1

Here's the scenario: I have a proxy, that when Chrome is setup to map requests to, records the requests from Chrome + the responses from the real server. It records all of this in a special format, so replacing this service with another is impossible. This proxy listens on 127.0.0.1:80 and 127.0.0.443, and ships requests out directly to the network via Python (source can be found in the above link).

The issue is, I don't want to access any normal old site via Chrome to record the response...I need to modify the response in a few ways from the server. Mitm proxy is perfect for this, and I have it setup with a root cert to modify the specific things I need for clients using this proxy.

My issue is that I can only seem to use one or the other. Either:

  • Chrome can forward requests ==> recording proxy, which sends requests ==> the network (bypassing the mitm proxy), or
  • Chrome can forward requests ==> mitm proxy, which sends requests ==> the network, and manipulates the responses that Chrome sees in the way I want (but bypassing the recording proxy)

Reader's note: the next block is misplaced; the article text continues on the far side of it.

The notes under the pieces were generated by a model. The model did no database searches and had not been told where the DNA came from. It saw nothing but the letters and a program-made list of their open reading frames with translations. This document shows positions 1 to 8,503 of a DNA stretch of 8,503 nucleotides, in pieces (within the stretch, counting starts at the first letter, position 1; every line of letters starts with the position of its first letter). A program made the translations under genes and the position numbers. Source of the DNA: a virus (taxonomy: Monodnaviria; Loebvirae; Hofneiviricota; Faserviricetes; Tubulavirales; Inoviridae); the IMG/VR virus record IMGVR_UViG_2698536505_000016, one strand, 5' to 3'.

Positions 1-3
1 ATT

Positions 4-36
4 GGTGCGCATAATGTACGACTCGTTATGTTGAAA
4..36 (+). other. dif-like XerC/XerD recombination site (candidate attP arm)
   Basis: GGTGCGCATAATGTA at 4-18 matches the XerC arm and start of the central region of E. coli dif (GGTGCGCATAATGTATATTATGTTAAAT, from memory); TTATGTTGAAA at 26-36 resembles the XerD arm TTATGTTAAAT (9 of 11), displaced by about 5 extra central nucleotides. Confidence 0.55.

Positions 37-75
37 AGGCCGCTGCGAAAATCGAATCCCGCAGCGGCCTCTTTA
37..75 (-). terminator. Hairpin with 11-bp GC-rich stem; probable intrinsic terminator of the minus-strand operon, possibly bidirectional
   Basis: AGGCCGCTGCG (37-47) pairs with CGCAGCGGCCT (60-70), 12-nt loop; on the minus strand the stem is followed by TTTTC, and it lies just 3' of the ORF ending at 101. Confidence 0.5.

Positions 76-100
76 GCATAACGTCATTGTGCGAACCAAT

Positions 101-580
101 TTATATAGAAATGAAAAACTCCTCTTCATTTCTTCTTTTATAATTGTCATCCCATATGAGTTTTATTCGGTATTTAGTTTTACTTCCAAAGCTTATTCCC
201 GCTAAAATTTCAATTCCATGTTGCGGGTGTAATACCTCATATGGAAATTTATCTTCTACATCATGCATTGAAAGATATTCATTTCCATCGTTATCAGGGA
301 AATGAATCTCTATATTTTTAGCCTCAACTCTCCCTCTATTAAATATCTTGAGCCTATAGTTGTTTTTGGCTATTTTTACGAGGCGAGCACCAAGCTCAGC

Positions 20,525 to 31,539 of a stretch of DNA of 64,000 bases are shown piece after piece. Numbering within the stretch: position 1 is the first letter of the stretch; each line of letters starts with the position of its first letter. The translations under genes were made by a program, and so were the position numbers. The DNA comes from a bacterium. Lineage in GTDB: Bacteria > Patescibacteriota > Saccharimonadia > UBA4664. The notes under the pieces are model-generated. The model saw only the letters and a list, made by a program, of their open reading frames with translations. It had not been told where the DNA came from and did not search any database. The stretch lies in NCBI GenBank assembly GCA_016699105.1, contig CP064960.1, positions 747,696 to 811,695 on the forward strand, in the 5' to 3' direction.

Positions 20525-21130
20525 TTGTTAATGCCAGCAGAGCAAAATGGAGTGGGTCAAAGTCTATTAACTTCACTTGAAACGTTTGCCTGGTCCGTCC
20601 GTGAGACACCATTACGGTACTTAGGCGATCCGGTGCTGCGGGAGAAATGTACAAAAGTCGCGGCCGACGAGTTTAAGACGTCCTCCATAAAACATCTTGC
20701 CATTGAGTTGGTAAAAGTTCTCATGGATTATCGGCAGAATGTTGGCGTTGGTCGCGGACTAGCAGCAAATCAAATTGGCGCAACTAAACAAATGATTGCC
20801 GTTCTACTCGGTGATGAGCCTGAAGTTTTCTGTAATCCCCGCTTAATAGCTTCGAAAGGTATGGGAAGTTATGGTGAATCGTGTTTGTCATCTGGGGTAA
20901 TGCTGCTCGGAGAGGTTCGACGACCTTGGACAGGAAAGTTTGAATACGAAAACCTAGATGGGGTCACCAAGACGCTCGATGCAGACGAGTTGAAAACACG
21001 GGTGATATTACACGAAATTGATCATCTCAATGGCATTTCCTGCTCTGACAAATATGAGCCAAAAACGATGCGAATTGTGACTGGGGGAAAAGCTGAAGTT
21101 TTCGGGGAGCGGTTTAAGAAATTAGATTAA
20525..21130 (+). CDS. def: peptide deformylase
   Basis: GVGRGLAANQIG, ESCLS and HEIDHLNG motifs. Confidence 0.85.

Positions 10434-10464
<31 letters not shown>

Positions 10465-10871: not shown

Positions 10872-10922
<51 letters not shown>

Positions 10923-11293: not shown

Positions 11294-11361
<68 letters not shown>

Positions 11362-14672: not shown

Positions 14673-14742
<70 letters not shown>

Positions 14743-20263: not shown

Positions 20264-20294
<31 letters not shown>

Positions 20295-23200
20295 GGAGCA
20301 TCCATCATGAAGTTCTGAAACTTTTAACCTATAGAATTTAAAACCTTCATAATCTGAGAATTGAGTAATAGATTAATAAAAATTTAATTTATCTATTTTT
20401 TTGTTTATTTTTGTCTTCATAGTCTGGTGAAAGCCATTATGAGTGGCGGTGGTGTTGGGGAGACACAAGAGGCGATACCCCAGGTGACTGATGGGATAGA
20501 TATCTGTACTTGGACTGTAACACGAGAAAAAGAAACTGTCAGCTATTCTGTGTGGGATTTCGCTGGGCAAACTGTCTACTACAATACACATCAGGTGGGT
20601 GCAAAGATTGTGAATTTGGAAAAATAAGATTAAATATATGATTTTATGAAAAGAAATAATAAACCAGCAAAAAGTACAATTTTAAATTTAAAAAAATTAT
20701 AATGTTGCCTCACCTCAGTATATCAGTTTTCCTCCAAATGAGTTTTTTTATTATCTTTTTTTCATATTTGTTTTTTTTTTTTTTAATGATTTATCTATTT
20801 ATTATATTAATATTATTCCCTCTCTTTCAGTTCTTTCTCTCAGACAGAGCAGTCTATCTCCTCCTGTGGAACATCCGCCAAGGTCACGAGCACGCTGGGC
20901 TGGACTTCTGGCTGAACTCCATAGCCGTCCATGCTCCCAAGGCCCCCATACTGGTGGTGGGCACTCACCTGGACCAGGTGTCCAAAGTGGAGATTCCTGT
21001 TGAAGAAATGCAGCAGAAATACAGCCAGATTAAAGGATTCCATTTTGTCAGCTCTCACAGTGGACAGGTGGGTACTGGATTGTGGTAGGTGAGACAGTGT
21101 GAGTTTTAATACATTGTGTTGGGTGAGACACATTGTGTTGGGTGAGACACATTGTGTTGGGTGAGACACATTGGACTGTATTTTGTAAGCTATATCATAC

I'm having difficulty chaining these two together, so that the recording proxy records altered responses from the mitm proxy. I figured one way to do it would be have Chrome map requests ==> recording proxy (via cli flags), and set my system-level proxy settings to map everything to the mitm proxy, but that just overrode Chrome's settings and bypassed the recording proxy. It seems difficult to make one proxy stand in front of another, instead of both side-by-side, if that makes sense.

So what I really need to know is: is there a way I can make the recording proxy, which sends requests directly to the web, instead forward its traffic to the mitm proxy, so it can manipulate the responses that get recorded.

I'm hoping this can be done without much, if any, modification of the recording proxy, and instead just redirect all of the traffic from its process or something. Thanks in advance :)

Your Answer

By clicking “Post Your Answer”, you agree to our terms of service, privacy policy and cookie policy

Browse other questions tagged or ask your own question.